When Pencils Need Sharpening

We were born. We didn’t have a choice.

We didn’t enroll for this class called “LIFE.”

Why would we ever want to “unenroll”?

We might miss something unexpected, something better.

Yes, some days all the hallways are the same.

They lead to the same old classroom,

the same old teachers.

Pencils get dull.

The roof leaks.

Trash cans get filled. Emptied.

But then on the big cork board in the hallway, we see something new.

“New construction in progress.

We are expanding!”

So even as we sneeze through the dusty air,

step over the nails,

hold our hands over our ears as the hammers pound

and the saws whiz

there’s a new spring in our step.

Something better is coming.

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image credit

via Enroll

Ashes to Dreams

A meager end of one’s desires

Helpless, falls within the fires

Softly heard the silent pleas

For targets reached with greater ease.

 

Bemoan the loss of relinquished goals

That lay defeated upon the coals

As sparks take flight and seconds clash

They cruelly wither and turn to ash.

 

Rising yet above the flame

Release of who or what to blame

To plant again a seed accrued

From hopes of life and dreams renewed.

-CDW

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via Meager

Trying to Break Free: A Lesson in Determination

Mom has given me cherry-flavored Lundren’s throat lozenges for my sore throat. I keep them in my coat pocket. At playground time, I am the most popular girl at the swing set.

It is springtime. We have an incubator in our lunchroom. It has chicken eggs in it, real chicken eggs that you can’t eat. Each day I go first thing to see if the eggs under the warm light have started to crack. I picture little fuzzy yellow chicks coming out to greet us after they have broken free and clear of their eggs. I picture nestling their fuzziness in the palms of my little hands. It will be the best day ever in this boring kindergarten class. We wait.

Meanwhile at the same time:

April 16, 1963: While jailed in Birmingham, Alabama for leading anti-segregation protests, Martin Luther Kings writes a letter that says, “We know through painful experience that freedom is never voluntarily given by the oppressor; it must be demanded by the oppressed.” “For years now, I have heard the word ‘Wait!’ It rings in the ear of every Negro with a piercing familiarity. This ‘wait’ has almost almost always meant ‘never’.”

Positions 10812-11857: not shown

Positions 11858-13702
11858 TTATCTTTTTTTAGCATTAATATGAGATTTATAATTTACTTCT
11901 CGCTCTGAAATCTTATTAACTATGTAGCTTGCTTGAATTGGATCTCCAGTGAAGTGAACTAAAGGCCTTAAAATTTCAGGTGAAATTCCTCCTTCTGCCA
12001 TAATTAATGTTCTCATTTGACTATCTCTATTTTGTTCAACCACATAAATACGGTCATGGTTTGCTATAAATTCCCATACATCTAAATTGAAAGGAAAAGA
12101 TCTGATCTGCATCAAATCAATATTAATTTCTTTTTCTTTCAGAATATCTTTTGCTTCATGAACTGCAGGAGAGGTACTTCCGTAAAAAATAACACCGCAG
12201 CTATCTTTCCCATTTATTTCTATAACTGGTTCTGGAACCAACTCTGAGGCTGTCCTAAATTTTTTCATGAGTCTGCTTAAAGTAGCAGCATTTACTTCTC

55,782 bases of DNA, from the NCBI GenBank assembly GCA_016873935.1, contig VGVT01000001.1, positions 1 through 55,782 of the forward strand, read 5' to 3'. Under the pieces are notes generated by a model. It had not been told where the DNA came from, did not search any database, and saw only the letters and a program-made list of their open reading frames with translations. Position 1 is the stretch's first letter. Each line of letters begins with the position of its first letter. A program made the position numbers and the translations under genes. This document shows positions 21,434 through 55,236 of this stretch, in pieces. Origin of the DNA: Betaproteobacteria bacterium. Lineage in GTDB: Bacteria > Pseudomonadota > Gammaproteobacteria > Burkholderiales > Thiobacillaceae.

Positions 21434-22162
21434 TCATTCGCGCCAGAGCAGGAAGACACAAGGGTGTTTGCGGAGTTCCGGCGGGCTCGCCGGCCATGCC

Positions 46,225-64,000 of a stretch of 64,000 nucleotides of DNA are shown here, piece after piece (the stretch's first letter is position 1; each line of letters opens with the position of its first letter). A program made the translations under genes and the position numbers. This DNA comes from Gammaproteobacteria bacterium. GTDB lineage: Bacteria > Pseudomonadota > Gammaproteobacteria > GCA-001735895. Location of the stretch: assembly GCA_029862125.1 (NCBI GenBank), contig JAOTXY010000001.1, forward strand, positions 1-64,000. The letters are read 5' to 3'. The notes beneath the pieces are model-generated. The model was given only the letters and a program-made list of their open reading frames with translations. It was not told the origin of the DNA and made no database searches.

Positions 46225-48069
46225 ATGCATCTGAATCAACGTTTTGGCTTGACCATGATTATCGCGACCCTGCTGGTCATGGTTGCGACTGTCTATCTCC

We wait until Mrs. Perry gets tired of them. She throws them out! She gave up! I am sooo disappointed. I realized then that some things don’t happen the way you want them to. Eggs don’t hatch if you give up.

I kept thinking that maybe we could have helped those baby chicks be born. It was all so unfair.

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photo credit

daily post prompt: Egg

The “CAN” Polish is Free

“Getting older is inevitable: Aging is optional” – Christine Northrup

I know, I know. It’s hard sometimes to get motivated to eat right and exercise, not only our bodies, but our minds. But since I’m about to scroll down another line to hit the year I was born (lucky cursor), I thought I’d find some inspiration.

Aging is a relative term. Some might feel their life is almost over when they hit the big 30. Others, like me, understand that we knew very little at that time.

As actress Helen Mirren said, “Your 40s are good.  Your 50s are great.  Your 60s are fab.  And 70 is f*@king awesome!”

Want to keep your get-up-and-go getting up and going? Ponder these:

— “For the unlearned, old age is winter; for the learned, it is the season of the harvest.”   ~Hasidic saying

— “I believe the second half of one’s life is meant to be better than the first half. The first half is finding out how you do it. And the second half is enjoying it.”  ~Frances Lear

— “None are so old as those who have outlived enthusiasm.”  ~Henry David Thoreau

— “I am appalled that the term we use to talk about aging is ‘anti.’ Aging is as natural as a baby’s softness and scent. Aging is human evolution in its pure form.”~ Jamie Lee Curtis

— “The great thing about getting older is that you become more mellow. Things aren’t as black and white, and you become much more tolerant. You can see the good in things much more easily rather than getting enraged as you used to do when you were young.”    ~Maeve Binchy

— “We don’t grow older, we grow riper.” ~Pablo Picasso

— “You’re either marvelous or you’re boring, regardless of your age.” – Morrisse

— “Laughter is timeless. Imagination has no age. And Dreams are forever.” – Walt Disney

— “Grow old along with me! The best is yet to be.” ~Robert Browning

 

Accept and be loyal to yourself.